"Lysistrata Unbound" (Review) -- Paul Myrvold's Theatre Notes
Put aside all expectations of an Aristophanes comedy. Eduardo Machado’s new play, Lysistrata Unbound, is no light-hearted romp about a bunch of Athenian women who cut off all sexual contact with men in order to bring a halt to the endless Peloponnesian Wars. No, this show, under the inspired direction of John Farmanesh-Bocca (Tempest Redux, Ajax in Iraq and other innovative theatrical experiences), calls to my mind the fervent years of crisis in the 1960s, when protest was a serious, sometimes deadly confrontation with power.
Farmanesh-Bocca, the artistic director emeritus of Not Man Apart—Physical Theatre Ensemble, brings that company’s aggressive physical style of dance-based performance to the creation of a blistering anti-war polemic aimed at the seemingly quixotic notion of ending all war through the power of feminine will, the aim of which is, to borrow from Hamlet, “a consummation devoutly to be wished.” By way of a prologue, two choruses, one male and one female, present themselves in dance. The chorus of men are lightly garbed, their martial masculine physiques on display as they perform vigorous, warrior routines in unison punctuated by non-verbal vocalizations—a growling, barking expelling of sound. The women—lithe and supple, adorned in red, sleeveless, floor length, close–fitting gowns slit to the hip—are silent as they go through their graceful, smooth, sinuous movements.
The action begins when the men enter bearing a body on their shoulders, which they lay on the ground. A young soldier, Hagnon (Jason Caceres), hardly more than boy, hobbles in with a stick for support, clearly wounded. The dead soldier is the only son of Lysistrata (Brenda Strong), the product of a late in life pregnancy. Lysistrata, in her bereavement, refuses to allow the body to be buried bringing her into conflict with the general, Adeimantus (Vito D’Ambrosio), and a senator (Apollo Dukakis), who run out of patience with her flouting of their concept of the social order, meaning of course, male dominance. The men, with their physical and social power, shoulder Lysistrata out of the way, and in so doing create a rebel. True to Aristophanes, Lysistrata foments a strategy to combat the men by denying them sexual intercourse. She is able to enlist nearly all the women in her protest, including the well-paid courtesans. There is however no easy resolution. This is 2018 CE. There is no “gorgeous young woman called Reconciliation (Wikipedia)” to smooth the way to a happy end. There is a ray of hope in the call for an end to war. One soldier named Kinessias (Aaron Hendry), professing his love for his wife Myrrhine (Sierra Fisk), joins the rebellion.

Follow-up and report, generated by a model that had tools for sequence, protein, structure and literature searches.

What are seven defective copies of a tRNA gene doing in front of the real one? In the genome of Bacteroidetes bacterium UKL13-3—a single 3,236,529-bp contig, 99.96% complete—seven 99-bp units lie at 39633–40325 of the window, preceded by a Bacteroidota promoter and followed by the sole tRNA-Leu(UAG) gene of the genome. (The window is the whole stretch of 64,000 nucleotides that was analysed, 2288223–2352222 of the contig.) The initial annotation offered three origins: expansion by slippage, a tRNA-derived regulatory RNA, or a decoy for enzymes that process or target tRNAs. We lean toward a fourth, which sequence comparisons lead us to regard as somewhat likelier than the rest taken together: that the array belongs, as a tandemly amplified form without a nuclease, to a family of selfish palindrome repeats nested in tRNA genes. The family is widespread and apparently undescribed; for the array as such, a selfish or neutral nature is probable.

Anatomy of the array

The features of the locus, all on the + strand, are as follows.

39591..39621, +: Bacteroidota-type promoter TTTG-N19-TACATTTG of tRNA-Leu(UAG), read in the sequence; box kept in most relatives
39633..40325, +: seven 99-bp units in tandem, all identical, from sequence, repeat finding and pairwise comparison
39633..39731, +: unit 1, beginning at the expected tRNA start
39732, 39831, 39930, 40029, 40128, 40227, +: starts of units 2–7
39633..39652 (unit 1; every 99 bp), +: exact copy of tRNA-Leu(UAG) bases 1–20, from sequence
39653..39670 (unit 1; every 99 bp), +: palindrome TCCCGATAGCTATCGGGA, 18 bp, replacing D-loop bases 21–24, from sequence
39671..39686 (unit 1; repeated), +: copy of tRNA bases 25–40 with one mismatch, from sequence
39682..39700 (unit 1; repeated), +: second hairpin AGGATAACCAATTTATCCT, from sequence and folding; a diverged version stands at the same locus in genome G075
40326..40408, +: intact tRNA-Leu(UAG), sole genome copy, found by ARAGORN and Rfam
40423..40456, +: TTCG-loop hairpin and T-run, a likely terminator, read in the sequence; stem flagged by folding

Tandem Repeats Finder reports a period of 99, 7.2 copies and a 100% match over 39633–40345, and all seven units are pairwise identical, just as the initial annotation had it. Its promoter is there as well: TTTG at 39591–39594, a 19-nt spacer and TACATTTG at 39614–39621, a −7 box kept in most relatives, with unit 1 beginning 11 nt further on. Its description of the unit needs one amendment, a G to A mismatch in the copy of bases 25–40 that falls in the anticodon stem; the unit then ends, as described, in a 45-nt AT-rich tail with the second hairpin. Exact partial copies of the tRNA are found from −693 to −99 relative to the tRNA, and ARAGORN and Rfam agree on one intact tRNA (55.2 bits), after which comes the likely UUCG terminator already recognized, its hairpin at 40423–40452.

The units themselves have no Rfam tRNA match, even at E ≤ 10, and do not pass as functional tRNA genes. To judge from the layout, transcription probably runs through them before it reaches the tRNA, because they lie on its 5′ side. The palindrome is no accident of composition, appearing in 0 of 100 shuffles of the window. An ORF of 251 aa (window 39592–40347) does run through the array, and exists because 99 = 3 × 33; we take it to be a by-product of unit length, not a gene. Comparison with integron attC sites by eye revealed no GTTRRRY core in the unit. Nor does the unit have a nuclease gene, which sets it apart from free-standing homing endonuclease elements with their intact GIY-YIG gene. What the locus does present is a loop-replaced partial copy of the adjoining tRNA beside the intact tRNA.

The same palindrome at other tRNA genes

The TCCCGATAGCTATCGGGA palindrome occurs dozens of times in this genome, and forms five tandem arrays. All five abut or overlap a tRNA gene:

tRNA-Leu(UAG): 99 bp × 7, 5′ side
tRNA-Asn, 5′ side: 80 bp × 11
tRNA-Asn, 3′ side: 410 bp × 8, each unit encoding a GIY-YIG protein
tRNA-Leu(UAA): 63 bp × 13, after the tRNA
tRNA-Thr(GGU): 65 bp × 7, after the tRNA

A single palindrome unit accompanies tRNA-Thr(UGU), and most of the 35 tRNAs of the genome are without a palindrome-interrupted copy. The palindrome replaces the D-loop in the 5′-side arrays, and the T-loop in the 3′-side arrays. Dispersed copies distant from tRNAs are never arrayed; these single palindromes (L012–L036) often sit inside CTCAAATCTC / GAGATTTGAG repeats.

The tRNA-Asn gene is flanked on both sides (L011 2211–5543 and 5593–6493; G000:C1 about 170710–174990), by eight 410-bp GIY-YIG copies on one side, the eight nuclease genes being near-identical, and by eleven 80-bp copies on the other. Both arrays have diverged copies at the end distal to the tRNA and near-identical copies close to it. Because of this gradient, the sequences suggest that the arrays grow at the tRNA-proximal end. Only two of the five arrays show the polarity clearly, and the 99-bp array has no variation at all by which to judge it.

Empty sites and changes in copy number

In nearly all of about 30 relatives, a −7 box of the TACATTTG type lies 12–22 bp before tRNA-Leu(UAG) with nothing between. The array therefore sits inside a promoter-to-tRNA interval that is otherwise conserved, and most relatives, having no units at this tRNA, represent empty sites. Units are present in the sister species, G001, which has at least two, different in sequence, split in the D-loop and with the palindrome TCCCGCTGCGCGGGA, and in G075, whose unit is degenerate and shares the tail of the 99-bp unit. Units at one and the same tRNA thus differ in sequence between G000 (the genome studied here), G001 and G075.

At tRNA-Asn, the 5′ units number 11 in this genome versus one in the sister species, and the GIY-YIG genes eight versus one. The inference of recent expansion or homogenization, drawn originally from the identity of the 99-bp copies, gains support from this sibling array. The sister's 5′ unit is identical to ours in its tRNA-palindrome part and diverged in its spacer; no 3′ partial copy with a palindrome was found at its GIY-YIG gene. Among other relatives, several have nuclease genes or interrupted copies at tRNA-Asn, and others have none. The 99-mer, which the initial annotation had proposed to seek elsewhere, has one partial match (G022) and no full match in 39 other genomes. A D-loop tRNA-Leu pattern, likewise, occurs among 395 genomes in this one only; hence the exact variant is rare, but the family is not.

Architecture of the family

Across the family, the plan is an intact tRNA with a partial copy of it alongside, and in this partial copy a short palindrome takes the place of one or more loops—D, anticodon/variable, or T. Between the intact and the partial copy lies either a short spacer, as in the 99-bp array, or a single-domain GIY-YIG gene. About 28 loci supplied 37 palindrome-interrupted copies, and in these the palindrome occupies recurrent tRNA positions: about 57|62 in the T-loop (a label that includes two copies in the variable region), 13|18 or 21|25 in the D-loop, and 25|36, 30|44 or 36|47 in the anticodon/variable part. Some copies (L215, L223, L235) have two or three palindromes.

As the character of Lysistrata carries the hope of the world on her shoulders, so Brenda Strong carries the show. Her performance is powerful and passionate. All the other characters are essentially archetypes, which is not to say they are dull. Indeed, this company of players expresses the same level of ardent commitment as Ms. Strong. Their bodies, hearts, and minds are totally in the game. The commitment to social justice and the end of war matches what I saw and participated in back in the day, when theatre groups hit the streets in protest and El Teatro Campesino encouraged farm workers to throw off their chains.
This stellar ensemble of actor/dancers includes the talents of Jo Bateman, Laura Covelli, Laura Emanuel, Steven Jasso, Casey Maione, Sydney A. Mason, Dash Pepin, Briana Price, Jones Welsh and Cynthia Yelle. They are supported by the talents of set designer Mark Guirguis, lighting designer Bosco Flanagan, sound designer Adam Phalen, costume designer Denise Blasor, prop master Josh La Cour, choreographer Alina Bolshakova and assistant director/dramaturg Jonathan David Martin. The stage manager is Gretchen Goode. Beth Hogan and Ron Sossi produce in association with Gloria Levy for Odyssey Theatre Ensemble.